Thomas Kuhn and others, however, suggest that science is also embedded in philosophical paradigms.5 For example, the difficulty encountered by the astronomer Galileo in convincing his colleagues of his heliocentric insight was due to the geocentric paradigm that was in vogue at the time. The reason why the heliocentric view was finally accepted was due to the "conversion" experience of the majority of the scientists, called by Kuhn a "paradigm shift." Therefore, a good scientific theory as exemplified above is also embedded in paradigms. How then can we judge among paradigms? Some philosophers have recently attempted to distinguish between "Operation Science" (or "Empirical Science") and "Origin Science" (or "Historical Science").6 "Operation Science" is the commonly known scientific enterprise which deals with the "hows" of a certain natural phenomenon. The formation of rain by the changes in atmospheric pressure is a good theory in "Operation Science," a theory that is empirically falsifiable. However, the origin of the earth and of the universe, which gave rise to the atmosphere of the earth, is in the realm of "Origin Science." One can easily see why "Origin Science" is more metaphysical than methodological. Discussion in this area of science is often colored by one's outlook on life. When Carl Sagan made his infamous claim that the cosmos "is all that is or ever was, or ever will be," he stepped out of his scientific expertise as an astronomer and preached his religion of naturalism. Discussions in the areas of meteorology and molecular biology can more easily bring about meaningful consensus among practicing scientists than those in cosmology or evolutionary biology. The reason seems to be that the scientific methodology outlined above can be more strictly applied in "Operation Science." The success of "Operation Science" is evidenced by the technological explosion of the modern scientific era. It is gratifying to see that Professor Plantinga's evaluation of the evolutionary paradigm was based on the principles of "Operation Science."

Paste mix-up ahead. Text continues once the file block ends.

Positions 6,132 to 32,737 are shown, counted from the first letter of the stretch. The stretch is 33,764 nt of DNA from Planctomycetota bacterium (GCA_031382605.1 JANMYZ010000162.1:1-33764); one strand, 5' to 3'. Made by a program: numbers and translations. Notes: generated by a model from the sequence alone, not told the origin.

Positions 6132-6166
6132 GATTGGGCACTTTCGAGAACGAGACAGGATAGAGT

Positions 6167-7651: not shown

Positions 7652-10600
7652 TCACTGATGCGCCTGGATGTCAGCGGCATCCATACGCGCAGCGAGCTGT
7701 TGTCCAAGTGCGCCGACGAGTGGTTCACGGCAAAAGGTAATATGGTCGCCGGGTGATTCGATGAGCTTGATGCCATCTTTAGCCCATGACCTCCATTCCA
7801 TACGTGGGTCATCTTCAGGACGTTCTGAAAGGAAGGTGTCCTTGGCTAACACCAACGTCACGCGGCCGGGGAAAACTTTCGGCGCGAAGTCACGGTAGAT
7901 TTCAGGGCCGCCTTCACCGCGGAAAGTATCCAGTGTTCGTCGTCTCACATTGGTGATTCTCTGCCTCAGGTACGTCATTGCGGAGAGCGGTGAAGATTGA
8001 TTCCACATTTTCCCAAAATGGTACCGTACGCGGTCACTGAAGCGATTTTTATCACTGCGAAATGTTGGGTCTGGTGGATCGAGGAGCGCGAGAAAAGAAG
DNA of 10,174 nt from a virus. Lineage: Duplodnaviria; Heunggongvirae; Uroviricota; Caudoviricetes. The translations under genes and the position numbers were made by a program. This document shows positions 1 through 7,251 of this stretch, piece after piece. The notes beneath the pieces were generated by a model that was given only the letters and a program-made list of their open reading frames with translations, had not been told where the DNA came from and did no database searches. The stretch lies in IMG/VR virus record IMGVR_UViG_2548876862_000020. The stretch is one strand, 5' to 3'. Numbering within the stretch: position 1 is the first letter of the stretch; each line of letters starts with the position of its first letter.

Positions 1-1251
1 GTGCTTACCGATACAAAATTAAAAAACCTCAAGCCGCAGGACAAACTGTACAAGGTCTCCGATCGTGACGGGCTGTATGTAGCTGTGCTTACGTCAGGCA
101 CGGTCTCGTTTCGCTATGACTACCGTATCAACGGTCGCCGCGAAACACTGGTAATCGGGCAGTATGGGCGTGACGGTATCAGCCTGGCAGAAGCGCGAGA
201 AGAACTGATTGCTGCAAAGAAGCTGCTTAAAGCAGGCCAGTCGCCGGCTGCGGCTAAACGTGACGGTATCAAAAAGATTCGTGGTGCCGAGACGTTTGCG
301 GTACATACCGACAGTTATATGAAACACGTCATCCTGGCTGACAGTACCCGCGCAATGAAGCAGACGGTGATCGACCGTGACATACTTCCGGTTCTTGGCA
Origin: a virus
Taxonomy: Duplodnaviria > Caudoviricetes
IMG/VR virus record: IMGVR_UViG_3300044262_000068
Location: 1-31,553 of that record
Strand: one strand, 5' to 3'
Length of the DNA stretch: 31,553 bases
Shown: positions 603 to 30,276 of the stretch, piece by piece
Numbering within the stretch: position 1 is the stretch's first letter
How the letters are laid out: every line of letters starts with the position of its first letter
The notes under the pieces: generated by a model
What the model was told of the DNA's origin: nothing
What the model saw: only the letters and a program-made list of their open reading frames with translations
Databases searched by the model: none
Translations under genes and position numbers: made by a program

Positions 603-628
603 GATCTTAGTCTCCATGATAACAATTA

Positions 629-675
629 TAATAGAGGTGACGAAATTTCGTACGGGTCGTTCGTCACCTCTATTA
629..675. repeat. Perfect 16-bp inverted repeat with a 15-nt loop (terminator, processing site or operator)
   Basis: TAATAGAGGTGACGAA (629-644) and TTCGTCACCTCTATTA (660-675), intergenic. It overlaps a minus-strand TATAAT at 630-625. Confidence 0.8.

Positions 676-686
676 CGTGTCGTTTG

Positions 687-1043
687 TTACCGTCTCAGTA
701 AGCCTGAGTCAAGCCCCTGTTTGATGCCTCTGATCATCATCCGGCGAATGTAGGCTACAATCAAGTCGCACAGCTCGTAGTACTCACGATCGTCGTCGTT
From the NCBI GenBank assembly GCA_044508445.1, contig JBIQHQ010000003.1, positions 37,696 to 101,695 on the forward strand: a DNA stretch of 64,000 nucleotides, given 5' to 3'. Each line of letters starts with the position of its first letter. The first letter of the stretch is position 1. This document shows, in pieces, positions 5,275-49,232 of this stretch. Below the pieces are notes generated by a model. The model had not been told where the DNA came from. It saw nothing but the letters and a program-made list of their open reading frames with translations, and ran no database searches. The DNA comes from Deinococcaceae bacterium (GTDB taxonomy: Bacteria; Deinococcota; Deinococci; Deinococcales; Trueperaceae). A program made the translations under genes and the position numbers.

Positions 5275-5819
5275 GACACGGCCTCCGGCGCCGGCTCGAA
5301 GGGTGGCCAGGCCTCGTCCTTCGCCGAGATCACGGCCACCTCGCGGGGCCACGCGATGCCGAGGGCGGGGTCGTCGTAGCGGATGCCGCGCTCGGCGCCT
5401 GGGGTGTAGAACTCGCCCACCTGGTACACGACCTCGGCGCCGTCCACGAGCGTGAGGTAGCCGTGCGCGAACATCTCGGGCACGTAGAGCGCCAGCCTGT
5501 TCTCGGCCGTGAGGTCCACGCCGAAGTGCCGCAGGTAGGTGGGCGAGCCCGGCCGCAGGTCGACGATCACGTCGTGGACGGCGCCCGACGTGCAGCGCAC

(3) Faith and Reason: When Augustine enunciated his insightful concept of "Faith seeks Understanding," he was referring to the spiritual truth which cannot be perceived by unregenerated natural man (I Corinthians 2:10-15). Man came short of the glory of God and is totally depraved in all of his thoughts and deeds (Romans 3:23, Jeremiah 17:9, etc.). Yet God is merciful. He lets the sun shine on the good as well as the evil ones (Matthew 5:45). He reveals himself clearly in His creation so that no one can deny the evidence (Romans 1:19). Man still carries the image of God even though it has been tainted (James 3:1). Although carnal man does not perceive the truth of God, God's common grace allows sinners and saints alike to perceive certain truths of His world. Physical knowledge is one of these perceivable truths. An atheist and a Christian with similar scientific training can draw the same conclusion about a given piece of scientific evidence although they may be diametrically opposed to each other on philosophical issues. The scientific approach, when applied rigorously, is self corrective, because it demands empirical falsifiability and reproducibility. The meticulous care and scrutiny by which the peer review process is carried out in scientific publication and grant proposal evaluation are among man's highest virtues. To usurp science's role in policing her own development by imposing a certain narrowly defined view of the Scriptures is to revive the medieval geocentric obscurantism. By misinterpreting Psalm 96:10, "The world is firmly established, it shall not be moved," the Church abused its authority by imposing the Ptolemaic view of geocentrism on the astronomer Galileo, and excommunicated him when he refused to totally recant his heliocentric view. This ecclesiastical blunder has become the classic illustration in Andrew Dickson White's "Warfare of Science with Theology." Professor Plantinga has rightly emphasized our dependence on correct perception of reality as one of the means for interpreting the Scripture.